quality.
Hand Lay-Up: The resin and fiber (or pieces cut from
prepreg) are placed manually, air is expelled with
squeegees and if necessary, multiple layers are
built up.
Hardening is at room temperature but may be improved by heating.
Void volume is typically 1%.
Foam cores may be incorporated (and left in the part) for greater
shape complexity. Thus essentially all shapes can be produced.
Process is slow (deposition rate around 1 kg/h) and labor-intensive
Quality is highly dependent on operator skill.
Extensively used for products such as airframe components, boats,
truck bodies, tanks, swimming pools, and ducts.
A spray gun supplying resin in two converging streams into which roving
is chopped
Automation with robots results in highly reproducible production
Labor costs are lower
SPRAY-UP MOLDING
Cut and lay the ply or prepreg under computer control and without tension;
may allow reentrant shapes to be made.
Cost is about half of hand lay-up
Extensively used for products such as airframe components, boats, truck
bodies, tanks, swimming pools, and ducts.
Tape-Laying Machines
(Automated Lay-Up)
Filament Winding
Ex: pressure tanks
Continuous filaments wound onto mandrel
Adapted from Fig. 16.15, Callister 7e. [Fig.
16.15 is from N. L. Hancox, (Editor), Fibre
Composite Hybrid Materials, The Macmillan
Company, New York, 1981.]

Filament Winding Characteristics
Because of the tension, reentrant shapes cannot be produced.
CNC winding machines with several degrees of freedom (sometimes 7)
are frequently employed.
The filament (or tape, tow, or band) is either precoated with the polymer
or is drawn through a polymer bath so that it picks up polymer on
its way to the winder.
Void volume can be higher (3%)
The cost is about half that of tape laying
Productivity is high (50 kg/h).
Applications include: fabrication of composite pipes, tanks, and pressure
vessels. Carbon fiber reinforced rocket motor cases used for
Space Shuttle and other rockets are made this way.
Pultrusion
Fibers are impregnate with a prepolymer, exactly positioned with guides,
preheated, and pulled through a heated, tapering die where curing
takes place.
Emerging product is cooled and pulled by oscillating clamps
Small diameter products are wound up
Two dimensional shapes including solid rods, profiles, or hollow tubes,
similar to those produced by extrusion, are made, hence its name
pultrusion
Composite Production Methods
Pultrusion
Continuous fibers pulled through resin tank, then preforming die
& oven to cure
Adapted from Fig.
16.13, Callister 7e.
Production rates around 1 m/min.
Applications are to sporting goods (golf club shafts), vehicle drive shafts
(because of the high damping capacity), nonconductive ladder rails for
electrical service, and structural members for vehicle and aerospace
applications.
PREPREG PRODUCTION PROCESSES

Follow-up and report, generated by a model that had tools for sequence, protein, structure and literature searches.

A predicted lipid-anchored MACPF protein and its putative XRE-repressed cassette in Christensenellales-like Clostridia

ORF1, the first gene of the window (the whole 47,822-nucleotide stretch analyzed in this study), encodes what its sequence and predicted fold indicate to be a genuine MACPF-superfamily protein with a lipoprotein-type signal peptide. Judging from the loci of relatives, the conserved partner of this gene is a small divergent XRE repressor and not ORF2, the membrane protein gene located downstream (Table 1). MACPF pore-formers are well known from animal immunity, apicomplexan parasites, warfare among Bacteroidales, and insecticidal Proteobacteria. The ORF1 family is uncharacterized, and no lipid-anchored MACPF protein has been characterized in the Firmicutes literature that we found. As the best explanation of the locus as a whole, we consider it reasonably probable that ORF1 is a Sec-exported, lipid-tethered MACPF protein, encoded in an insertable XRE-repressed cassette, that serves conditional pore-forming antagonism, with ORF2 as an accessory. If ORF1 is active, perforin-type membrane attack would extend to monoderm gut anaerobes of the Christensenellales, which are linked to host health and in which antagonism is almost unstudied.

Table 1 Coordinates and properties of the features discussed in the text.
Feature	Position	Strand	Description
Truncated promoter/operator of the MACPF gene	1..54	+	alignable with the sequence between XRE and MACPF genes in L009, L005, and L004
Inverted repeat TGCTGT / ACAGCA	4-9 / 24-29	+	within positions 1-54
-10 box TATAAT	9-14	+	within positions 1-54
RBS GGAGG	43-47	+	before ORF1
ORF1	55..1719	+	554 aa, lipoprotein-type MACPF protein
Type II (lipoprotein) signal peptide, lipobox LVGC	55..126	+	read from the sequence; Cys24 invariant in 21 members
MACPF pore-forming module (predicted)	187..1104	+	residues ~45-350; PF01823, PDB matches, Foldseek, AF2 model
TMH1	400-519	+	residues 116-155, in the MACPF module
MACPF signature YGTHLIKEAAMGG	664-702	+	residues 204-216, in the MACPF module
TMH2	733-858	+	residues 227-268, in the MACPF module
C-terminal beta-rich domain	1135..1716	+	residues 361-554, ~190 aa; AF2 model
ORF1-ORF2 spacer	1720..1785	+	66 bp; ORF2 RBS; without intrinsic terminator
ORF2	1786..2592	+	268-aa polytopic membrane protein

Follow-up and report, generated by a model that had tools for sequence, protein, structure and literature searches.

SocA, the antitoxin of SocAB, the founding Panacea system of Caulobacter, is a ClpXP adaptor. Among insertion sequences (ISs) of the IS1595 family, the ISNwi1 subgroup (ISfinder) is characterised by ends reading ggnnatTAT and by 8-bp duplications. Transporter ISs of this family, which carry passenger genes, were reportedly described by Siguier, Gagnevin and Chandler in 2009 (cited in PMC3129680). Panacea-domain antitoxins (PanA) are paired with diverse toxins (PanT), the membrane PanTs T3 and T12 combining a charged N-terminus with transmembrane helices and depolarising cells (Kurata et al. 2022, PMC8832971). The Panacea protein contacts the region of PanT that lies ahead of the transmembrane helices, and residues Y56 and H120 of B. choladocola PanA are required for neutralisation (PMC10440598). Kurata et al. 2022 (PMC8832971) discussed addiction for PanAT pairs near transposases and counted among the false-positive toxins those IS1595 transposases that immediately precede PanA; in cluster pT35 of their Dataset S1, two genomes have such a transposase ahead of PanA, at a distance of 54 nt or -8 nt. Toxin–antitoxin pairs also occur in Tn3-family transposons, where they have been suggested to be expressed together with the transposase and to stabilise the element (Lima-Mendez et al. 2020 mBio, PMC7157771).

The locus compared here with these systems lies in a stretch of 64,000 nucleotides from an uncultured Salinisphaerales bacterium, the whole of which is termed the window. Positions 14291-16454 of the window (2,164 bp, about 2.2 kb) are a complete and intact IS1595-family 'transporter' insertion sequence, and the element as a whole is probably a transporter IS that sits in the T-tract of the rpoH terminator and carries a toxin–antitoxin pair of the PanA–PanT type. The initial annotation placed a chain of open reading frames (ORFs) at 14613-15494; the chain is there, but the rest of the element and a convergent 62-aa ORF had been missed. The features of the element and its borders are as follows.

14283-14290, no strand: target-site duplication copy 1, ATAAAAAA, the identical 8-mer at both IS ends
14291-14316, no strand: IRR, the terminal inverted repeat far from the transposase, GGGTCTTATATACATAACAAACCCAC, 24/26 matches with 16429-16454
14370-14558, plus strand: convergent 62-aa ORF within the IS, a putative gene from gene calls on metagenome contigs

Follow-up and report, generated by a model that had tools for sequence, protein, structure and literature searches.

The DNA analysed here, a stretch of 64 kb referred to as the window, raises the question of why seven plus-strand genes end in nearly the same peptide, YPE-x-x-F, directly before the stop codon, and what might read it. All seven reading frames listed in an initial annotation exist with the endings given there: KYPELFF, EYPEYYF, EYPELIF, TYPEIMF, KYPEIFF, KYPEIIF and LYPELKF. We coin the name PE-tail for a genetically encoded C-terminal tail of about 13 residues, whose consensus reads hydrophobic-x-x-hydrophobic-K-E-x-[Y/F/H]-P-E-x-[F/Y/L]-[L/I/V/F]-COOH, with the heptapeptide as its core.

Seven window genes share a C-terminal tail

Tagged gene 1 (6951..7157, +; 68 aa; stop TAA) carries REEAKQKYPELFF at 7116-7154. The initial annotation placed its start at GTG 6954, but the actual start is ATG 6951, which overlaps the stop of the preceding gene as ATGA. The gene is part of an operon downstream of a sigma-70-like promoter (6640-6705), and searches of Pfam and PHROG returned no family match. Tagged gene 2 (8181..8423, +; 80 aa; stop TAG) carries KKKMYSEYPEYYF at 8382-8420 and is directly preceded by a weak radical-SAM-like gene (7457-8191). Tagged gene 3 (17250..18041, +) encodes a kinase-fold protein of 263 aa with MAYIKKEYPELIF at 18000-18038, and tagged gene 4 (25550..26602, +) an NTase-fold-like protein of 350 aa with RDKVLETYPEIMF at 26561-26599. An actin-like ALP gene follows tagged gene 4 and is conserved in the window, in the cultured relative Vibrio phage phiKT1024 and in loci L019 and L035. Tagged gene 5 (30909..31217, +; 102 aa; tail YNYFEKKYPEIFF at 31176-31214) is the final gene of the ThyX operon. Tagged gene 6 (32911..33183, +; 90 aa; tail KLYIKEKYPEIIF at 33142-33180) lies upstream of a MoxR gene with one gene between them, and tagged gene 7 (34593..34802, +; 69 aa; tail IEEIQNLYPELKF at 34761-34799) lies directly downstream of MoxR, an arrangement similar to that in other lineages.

Prepreg is the composite industrys term for continuous fiber reinforcement
pre-impregnated with a polymer resin that is only partially cured.
Prepreg is delivered in tape form to the manufacturer who then molds and fully
cures the product without having to add any resin.
This is the composite form most widely used for structural applications
Manufacturing begins by collimating a series of spool-wound
continuous fiber tows.
Tows are then sandwiched and pressed between sheets of
release and carrier paper using heated rollers
(calendering).
The release paper sheet has been coated with a thin film of
heated resin solution to provide for its thorough
impregnation of the fibers.
PrePreg Process
The final prepreg product is a thin tape consisting of
continuous and aligned fibers embedded in a
partially cured resin
Prepared for packaging by winding onto a cardboard
core.
Typical tape thicknesses range between 0.08 and 0.25
mm
Tape widths range between 25 and 1525 mm.
Resin content lies between about 35 and 45 vol%
PrePreg Process
The prepreg is stored at 0C (32 F) or lower because thermoset matrix
undergoes curing reactions at room temperature. Also the time in
use at room temperature must be minimized. Life time is about 6
months if properly handled.
Both thermoplastic and thermosetting resins are utilized: carbon, glass,
and aramid fibers are the common reinforcements.
Actual fabrication begins with the lay-up. Normally a number of plies are
laid up to provide the desired thickness.
The lay-up can be by hand or automated.
PrePreg Process
Composites are classified according to:
-- the matrix material (CMC, MMC, PMC)
-- the reinforcement geometry (particles, fibers, layers).
Composites enhance matrix properties:
-- MMC: enhance o
y
, TS, creep performance
-- CMC: enhance K
c
-- PMC: enhance E, o
y
, TS, creep performance
Particulate-reinforced:
-- Elastic modulus can be estimated.
-- Properties are isotropic.
Fiber-reinforced:
-- Elastic modulus and TS can be estimated along fiber dir.
-- Properties can be isotropic or anisotropic.
Structural:
-- Based on build-up of sandwiches in layered form.
Summary